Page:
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Harington, Sir John (1560–1612) - BIOGRAPHY, CRITICAL RECEPTION

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Deserved or not, John Harington has always had the reputation of Elizabethan bad boy, as John Skelton* was known in the early Tudor era. Certainly, some of his behavior was refreshingly adolescent. Fortunately for Harington, his father was always in Princess and Queen Elizabeth’s* good favor. The elder John Harington was imprisoned in the Tower in 1554, reportedly for nothing more than showing kindness to Elizabeth. The connection to Elizabeth was strengthened by Harington’s marriage to her maid Isabelle Markham. Their son John was born in the summer of 1560, and Queen Elizabeth became his godmother. Though she did not give him steady employment at court, Elizabeth always forgave her godson for his quirky antics, one of which led to his famous translation of Ariosto’s* Orlando Furioso .

Harington was educated at Eton and Cambridge. He enrolled in the law course at Lincoln’s Inn after receiving his master’s degree in 1581 but left the inn when he came into his inheritance upon his father’s death in July 1582. Harington began by “Englishing” the twenty-eighth canto of Ariosto’s masterpiece, which tells the story of a cuckolded knight named Jocundo, who concludes after his wanderings that women are by nature lascivious and unfaithful. This translation circulated at court. When the verses came to the notice of Elizabeth, she reprimanded him for rendering such an immoral portion of the work and apparently ordered him to translate the rest. Harington published the complete English Orlando Furioso in 1591.

Harington added to his reputation as a rebellious prankster when he wrote his treatise on a revolutionary new privy design entitled, A New Discourse on a Stale subject, called the Metamorphosis of Ajax , published in 1596. The Eras-mian* spirit is also present in Harington’s many epigrams, which were collected and published after his death. In addition to writing satire, Harington recorded his observations at historically interesting moments. For instance, he was with Robert Devereux, earl of Essex, during his infamous expedition in Ireland and was among those Essex inadvisedly knighted at Dublin in July 1599. Harington pleased Elizabeth by giving her the journal he had kept of Essex’s Irish escapade.

Other of Harington’s astute historical observations include remarks on the final days of Queen Elizabeth’s life written at court in 1602; his “Tract on the Succession to the Crown,” written in 1602 in support of James’* claim to the throne; his letter of application for the post of chancellor of Ireland written in 1605; and his notes appendixed to his copy of Bishop Godwin’s De Praesulibus Angliae , given to Prince Henry. Between 1605 and his death in 1612, Harington set himself the task of instructing Prince Henry, James’ heir, although he had no official charge. Note that over 100 years before, Skelton was tutor to the previous royal Henry. His association with the crown prince apparently gave Harington the impetus to translate the sixth book of Virgil’s Aeneid , containing the trip to Hades and the prophecy with commentary for Henry’s edification. Harington grew ill in May 1612 and died in November of the same year, only weeks before Prince Henry’s own untimely death.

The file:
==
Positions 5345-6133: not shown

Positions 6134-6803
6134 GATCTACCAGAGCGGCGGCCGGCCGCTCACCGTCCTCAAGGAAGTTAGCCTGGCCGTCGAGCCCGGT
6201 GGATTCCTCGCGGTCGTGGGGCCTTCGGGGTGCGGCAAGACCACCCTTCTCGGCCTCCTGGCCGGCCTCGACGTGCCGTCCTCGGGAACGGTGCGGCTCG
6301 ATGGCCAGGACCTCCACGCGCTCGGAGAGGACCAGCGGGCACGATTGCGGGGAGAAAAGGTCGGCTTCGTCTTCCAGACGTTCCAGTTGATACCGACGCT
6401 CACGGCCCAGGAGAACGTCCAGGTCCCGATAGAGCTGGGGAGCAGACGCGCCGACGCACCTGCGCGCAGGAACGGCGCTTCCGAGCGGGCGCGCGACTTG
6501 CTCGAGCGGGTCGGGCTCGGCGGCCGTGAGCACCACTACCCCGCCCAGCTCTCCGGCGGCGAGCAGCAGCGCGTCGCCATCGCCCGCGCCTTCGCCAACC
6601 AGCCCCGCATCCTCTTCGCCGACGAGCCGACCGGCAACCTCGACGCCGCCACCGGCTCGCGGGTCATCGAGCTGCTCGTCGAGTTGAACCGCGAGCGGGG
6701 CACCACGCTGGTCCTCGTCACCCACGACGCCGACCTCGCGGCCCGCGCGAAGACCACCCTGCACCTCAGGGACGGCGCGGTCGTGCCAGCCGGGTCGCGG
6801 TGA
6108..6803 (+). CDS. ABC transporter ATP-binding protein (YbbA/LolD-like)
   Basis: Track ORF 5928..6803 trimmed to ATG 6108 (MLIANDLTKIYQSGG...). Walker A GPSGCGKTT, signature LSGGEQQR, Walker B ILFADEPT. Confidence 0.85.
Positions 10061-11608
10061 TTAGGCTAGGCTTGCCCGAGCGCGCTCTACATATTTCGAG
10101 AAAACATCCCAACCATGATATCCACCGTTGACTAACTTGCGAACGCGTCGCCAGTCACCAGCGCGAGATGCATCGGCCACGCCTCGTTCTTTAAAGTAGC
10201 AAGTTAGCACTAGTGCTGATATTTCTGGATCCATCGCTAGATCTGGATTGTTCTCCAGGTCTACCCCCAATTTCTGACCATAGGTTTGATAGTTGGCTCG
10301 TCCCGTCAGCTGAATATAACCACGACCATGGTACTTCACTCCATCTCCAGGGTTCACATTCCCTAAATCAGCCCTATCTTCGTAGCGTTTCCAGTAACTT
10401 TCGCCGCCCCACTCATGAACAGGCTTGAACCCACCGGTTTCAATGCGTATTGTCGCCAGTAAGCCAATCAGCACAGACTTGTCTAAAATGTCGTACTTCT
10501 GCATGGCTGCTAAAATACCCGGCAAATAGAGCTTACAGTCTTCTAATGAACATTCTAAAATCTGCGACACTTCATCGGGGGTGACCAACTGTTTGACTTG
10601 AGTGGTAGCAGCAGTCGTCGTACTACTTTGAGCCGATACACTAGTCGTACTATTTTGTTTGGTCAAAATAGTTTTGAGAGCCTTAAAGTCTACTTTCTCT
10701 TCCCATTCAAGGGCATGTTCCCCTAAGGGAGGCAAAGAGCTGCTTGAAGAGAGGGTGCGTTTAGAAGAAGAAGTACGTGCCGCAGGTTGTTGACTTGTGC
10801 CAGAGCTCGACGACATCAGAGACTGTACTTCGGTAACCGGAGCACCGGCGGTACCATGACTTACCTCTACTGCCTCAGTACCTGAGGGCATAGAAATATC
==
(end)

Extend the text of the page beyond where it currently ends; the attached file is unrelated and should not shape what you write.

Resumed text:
Harington’s “Englished” Orlando Furioso enjoyed wide popularity. There are many exerpts from it in Robert Allot’s England’s Parnassus , and Beaumont* complimented the work. A second edition was published in 1607, and Harington’s remained the only complete English translation of Orlando until 1755. Of his Metamorphosis of Ajax , Thomas Nashe* wrote that he couldn’t understand “what should move him to” write it “except he [m]eant to bid a turd in all gentle readers’ teeth” (Craig, 71). Apparently, Nashe later came to appreciate the Metamorphosis , complimenting Harington as one who “disportes himself very schollarly and wittilie” (Craig, 81). Although a pun on “a jakes” and “Ajax” appears in Shakespeare’s* Love’s Labour’s Lost before Metamorphosis was published, Harington’s work likely contributed to the popularity of the epithet. Shakespeare then took up the pun extensively in Troilus and Cressida . Perhaps The Metaphorphosis , as D. H. Craig writes, put the “taint of the privy” on Harington’s own literary career (82). Several modern scholars, however, including T.G.A. Nelsen and John Leland, assert that the work has allegorical import. They argue that it contains a mystic current of religious commentary. Indeed, if it is true that the praise of the privy stuck with Harington more than his translation of Ariosto’s masterpiece, we need only recall the wit with which Harington implies gravity and jest to esteem him highly.


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